Guitarist Kaki King brings her short “Retrospective Tour,” in which she’ll play her first album “Everybody Loves You” in its entirety in the first set, to Washington’s Howard Theatre Monday night, the end of a four-date mini-tour that she launched this week in Boston. She also plays New York and Philadelphia in the coming days before heading to Portugal for more shows.
The 33-year-old music vet, who has six eclectic albums in her canon and was included by Rolling Stone in 2006 on a list of “new guitar gods,” says a full decade into her career felt like the right time to revisit her earliest material.
“I really think I kind of needed to acknowledge it myself that it’s been a decade (since 2003’s “Everybody Loves You”) and it’s really not like saying goodbye to the past so much as it is putting a bookend on it. Going through these old songs has brought me back to all these memories of when I was 20, 21, 22, 23 — it’s made me more aware and grateful and I feel this is a nice way to acknowledge it.”
King says the first half of the show — she’ll be joined by a band in the second half for more recent material — will feature fairly faithful renditions of the “Everybody Loves You” cuts. Some of the songs have been in her set all along while others she hasn’t played since the album was recorded. She says she’s been working this week to “even it all out.”
King has acknowledged, especially when talking about her most recent album (last year’s guitar-based but augmented “Glow”) that despite being relatively happy and content in her personal life — she married wife Jessica last year in New York — the music is sometimes darker than she expected.
“It probably saved my life at times,” she says. “Sometimes it’s not just darkness but maybe just melancholy but whatever it is, I’m lucky I have an outlet for it and I’m happy that it’s music, this outlet for emotional feeling which, of course, sounds like a clichéd response but it’s absolutely true in my life. Thankfully I don’t have to bare the weight of the world.”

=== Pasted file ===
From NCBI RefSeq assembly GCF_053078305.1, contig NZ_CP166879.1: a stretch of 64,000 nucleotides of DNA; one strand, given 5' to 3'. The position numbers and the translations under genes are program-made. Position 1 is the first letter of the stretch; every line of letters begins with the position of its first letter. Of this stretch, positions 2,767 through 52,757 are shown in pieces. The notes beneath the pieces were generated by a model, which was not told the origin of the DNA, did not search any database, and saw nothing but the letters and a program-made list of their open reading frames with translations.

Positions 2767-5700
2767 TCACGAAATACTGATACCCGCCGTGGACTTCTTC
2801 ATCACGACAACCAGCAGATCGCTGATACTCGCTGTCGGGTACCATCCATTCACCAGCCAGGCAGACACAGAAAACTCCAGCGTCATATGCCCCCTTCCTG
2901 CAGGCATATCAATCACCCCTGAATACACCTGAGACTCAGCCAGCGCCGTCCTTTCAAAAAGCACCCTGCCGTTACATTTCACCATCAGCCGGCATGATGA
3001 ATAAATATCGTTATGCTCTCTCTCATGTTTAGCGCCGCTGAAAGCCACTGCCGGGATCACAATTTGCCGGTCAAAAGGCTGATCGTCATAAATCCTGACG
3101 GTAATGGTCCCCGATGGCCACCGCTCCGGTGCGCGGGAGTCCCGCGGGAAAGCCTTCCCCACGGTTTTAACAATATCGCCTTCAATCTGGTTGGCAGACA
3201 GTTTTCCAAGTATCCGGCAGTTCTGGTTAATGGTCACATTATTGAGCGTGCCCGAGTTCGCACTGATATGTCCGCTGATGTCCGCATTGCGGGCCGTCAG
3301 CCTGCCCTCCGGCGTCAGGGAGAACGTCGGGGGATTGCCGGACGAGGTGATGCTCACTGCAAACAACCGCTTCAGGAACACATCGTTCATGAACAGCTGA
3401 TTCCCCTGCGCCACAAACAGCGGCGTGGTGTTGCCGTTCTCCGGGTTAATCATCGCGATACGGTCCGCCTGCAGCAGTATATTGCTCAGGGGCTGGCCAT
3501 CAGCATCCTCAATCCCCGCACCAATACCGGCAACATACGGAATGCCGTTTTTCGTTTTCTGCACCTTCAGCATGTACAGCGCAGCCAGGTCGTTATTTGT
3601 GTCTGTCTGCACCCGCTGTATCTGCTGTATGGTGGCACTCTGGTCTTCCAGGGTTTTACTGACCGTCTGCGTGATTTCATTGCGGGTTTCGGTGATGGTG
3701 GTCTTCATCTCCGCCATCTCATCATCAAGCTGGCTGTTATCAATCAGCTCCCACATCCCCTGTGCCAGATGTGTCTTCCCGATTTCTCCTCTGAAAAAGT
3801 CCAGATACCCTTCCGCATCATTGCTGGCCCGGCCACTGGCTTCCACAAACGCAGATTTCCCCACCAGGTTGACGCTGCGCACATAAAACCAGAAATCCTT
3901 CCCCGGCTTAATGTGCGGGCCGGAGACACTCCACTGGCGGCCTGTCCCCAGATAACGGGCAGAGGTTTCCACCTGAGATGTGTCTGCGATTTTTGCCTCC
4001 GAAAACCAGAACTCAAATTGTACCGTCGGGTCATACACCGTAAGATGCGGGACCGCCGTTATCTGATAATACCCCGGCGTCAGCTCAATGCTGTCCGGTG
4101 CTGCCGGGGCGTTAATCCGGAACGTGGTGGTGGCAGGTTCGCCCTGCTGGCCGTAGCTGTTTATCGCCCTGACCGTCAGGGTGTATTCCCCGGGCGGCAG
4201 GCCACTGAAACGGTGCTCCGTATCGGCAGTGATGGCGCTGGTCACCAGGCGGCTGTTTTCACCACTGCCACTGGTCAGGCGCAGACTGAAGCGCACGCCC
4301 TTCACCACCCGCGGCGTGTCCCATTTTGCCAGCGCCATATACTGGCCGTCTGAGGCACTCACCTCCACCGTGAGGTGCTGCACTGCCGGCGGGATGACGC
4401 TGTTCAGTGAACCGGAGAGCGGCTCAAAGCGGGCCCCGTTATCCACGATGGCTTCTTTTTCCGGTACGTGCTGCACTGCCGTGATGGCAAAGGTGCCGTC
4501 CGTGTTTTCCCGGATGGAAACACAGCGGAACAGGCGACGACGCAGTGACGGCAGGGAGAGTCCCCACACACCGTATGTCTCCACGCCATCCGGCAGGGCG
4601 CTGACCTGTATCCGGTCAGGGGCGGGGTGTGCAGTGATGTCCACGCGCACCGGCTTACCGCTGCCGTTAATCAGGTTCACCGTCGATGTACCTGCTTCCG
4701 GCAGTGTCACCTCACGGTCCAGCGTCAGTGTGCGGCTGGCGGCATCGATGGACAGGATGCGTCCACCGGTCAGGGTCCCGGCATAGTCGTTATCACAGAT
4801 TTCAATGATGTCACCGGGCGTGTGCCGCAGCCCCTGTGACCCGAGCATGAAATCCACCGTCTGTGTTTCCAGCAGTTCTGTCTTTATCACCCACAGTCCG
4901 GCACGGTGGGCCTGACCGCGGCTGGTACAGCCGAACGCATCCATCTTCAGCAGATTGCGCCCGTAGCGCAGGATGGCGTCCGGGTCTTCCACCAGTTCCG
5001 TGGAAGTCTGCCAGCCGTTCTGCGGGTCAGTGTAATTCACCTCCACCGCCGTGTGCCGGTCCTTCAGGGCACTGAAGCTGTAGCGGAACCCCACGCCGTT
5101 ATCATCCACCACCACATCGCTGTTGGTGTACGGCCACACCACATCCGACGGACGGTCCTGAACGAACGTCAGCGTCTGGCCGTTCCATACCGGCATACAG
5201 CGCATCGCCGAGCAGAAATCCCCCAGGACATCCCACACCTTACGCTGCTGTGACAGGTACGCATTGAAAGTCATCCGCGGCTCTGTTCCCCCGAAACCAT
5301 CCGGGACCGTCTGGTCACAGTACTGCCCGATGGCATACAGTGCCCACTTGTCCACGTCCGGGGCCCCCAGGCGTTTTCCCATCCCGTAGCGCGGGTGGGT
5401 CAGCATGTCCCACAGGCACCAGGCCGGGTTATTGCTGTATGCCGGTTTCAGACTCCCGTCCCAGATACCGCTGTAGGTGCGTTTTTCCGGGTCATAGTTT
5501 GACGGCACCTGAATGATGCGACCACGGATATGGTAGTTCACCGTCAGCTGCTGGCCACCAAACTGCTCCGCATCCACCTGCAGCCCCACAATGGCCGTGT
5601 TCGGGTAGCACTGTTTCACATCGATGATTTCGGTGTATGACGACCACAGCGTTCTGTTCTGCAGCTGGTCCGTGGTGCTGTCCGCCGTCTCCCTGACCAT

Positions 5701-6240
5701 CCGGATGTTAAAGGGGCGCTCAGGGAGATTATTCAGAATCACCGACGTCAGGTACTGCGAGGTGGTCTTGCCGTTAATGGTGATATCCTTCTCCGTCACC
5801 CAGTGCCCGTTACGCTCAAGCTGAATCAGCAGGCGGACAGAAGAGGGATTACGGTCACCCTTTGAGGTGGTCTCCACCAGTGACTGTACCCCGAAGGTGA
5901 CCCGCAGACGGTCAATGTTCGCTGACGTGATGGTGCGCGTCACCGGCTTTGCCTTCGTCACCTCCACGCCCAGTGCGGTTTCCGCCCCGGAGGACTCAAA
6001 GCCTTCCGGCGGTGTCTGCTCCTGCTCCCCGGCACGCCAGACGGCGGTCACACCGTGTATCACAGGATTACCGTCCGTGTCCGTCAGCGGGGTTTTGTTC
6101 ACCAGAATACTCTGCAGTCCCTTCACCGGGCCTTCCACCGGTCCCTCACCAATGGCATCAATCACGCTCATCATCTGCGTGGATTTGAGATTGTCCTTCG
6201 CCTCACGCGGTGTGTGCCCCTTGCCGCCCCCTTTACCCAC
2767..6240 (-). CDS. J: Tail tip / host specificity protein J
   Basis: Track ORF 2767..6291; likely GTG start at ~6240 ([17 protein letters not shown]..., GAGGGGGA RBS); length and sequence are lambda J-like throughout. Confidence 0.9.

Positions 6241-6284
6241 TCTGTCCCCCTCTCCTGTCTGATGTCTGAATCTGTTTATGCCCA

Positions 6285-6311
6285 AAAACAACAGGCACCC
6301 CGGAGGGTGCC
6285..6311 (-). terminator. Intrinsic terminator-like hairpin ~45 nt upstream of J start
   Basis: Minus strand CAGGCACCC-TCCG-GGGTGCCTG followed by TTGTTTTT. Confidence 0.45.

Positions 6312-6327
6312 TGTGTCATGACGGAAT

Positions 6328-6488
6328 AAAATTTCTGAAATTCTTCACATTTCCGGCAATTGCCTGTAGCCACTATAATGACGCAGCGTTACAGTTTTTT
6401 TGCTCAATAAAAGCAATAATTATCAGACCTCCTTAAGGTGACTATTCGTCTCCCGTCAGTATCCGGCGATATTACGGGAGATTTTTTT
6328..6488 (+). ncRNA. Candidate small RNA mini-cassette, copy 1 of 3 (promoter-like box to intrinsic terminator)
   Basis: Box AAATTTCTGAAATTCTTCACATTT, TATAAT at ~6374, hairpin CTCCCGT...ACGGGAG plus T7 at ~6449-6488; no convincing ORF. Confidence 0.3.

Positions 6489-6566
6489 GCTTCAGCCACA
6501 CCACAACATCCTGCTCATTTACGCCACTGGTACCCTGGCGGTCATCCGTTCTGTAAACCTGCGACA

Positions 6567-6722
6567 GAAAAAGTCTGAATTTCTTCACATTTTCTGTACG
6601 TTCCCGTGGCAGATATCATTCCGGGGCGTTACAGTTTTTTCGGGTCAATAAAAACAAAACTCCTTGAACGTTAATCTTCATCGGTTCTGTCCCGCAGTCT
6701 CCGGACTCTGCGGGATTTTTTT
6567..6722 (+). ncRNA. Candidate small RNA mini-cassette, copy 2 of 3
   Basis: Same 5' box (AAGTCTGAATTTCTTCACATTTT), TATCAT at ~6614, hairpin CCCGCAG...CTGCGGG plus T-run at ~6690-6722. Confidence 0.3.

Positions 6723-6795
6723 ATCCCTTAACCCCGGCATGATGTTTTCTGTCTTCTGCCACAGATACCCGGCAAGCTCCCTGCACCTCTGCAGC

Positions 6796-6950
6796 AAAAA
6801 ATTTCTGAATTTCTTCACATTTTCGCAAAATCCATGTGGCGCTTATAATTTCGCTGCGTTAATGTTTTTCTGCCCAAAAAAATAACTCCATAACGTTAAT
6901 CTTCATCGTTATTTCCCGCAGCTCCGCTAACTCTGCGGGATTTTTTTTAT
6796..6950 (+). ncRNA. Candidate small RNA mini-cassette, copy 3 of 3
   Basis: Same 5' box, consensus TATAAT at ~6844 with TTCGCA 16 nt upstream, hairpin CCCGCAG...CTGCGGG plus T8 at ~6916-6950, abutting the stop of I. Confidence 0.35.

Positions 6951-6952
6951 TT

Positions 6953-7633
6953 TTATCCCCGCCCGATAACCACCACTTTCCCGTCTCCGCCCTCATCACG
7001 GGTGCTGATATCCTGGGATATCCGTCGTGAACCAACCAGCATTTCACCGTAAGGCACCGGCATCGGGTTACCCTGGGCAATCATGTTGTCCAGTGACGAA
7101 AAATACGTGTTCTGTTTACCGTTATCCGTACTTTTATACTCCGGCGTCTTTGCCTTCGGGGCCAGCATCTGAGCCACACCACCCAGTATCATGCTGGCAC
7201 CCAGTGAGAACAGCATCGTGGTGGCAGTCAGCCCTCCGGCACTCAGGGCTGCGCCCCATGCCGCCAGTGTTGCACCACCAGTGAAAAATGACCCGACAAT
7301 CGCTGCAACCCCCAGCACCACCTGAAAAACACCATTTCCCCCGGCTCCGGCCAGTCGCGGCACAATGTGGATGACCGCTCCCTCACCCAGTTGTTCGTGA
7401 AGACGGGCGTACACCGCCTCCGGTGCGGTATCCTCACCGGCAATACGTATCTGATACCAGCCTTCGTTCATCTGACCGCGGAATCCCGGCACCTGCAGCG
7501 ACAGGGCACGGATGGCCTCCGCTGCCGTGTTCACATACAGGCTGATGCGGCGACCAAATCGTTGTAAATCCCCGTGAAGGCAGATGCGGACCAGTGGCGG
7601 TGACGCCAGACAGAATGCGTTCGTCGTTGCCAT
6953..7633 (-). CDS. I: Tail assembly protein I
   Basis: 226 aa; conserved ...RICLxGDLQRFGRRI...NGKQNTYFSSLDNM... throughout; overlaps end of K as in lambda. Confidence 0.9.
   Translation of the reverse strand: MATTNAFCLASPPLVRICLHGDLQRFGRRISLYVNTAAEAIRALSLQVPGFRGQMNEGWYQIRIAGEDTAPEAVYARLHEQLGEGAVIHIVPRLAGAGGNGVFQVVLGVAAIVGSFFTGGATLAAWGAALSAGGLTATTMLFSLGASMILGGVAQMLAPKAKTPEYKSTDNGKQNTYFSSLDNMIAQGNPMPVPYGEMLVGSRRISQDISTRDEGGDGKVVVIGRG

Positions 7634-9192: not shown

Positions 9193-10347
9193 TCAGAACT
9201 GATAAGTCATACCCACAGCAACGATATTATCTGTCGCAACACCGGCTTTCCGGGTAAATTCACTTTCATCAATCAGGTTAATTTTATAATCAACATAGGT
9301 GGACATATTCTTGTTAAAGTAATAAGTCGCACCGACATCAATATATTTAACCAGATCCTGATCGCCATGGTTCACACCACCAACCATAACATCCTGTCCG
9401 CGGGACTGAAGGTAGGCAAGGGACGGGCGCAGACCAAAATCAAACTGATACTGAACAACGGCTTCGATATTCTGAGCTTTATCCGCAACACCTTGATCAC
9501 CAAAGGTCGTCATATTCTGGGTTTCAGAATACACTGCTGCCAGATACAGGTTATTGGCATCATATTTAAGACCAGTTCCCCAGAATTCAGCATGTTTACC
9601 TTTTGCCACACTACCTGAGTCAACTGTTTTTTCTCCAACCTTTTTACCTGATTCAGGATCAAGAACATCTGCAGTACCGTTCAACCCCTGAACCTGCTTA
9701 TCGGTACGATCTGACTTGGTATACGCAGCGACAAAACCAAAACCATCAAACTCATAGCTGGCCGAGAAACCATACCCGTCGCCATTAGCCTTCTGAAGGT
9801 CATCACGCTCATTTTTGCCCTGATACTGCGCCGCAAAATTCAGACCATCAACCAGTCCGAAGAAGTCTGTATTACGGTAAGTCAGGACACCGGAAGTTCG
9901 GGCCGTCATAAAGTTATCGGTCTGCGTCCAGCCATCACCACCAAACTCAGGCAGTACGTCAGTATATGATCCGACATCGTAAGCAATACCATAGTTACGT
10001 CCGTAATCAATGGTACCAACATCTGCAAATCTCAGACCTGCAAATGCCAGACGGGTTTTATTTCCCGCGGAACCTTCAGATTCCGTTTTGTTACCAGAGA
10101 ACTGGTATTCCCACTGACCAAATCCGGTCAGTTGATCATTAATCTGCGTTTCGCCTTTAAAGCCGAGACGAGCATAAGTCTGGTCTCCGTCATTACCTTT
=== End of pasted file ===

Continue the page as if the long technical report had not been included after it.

She says that’s been true practically her whole life.
“Yeah, sure, it sucks when you’re a gay teen at a Christian school,” she says. “I’m not going to lie, it was horrible. But I knew there wasn’t a lot I could do about it at the time so it kind of expressed itself in a not-very-positive outlook on life but the good news was I was playing in bands and went to shows so that’s the thing I did have. I didn’t have a gay community and I didn’t understand what that looked like as a teen, but I did have a music community that looked like a very different thing and that got me through. I’m a very happy gay person now, but I think in many ways with music, you’re not particularly in control … it’s a very weird thing. I think it controls you more than you control it.”
Road separation, especially being a newlywed, is tough, King admits. She and her wife time their e-mails and Skype sessions around whatever time zone they happen to be in. Jessica is a freelance set decorator for film and TV.
“Thank God for modern communication,” King says. “It makes it bearable but it’s not fun. I think there’s something about when you really love someone, no experience feels complete without them.”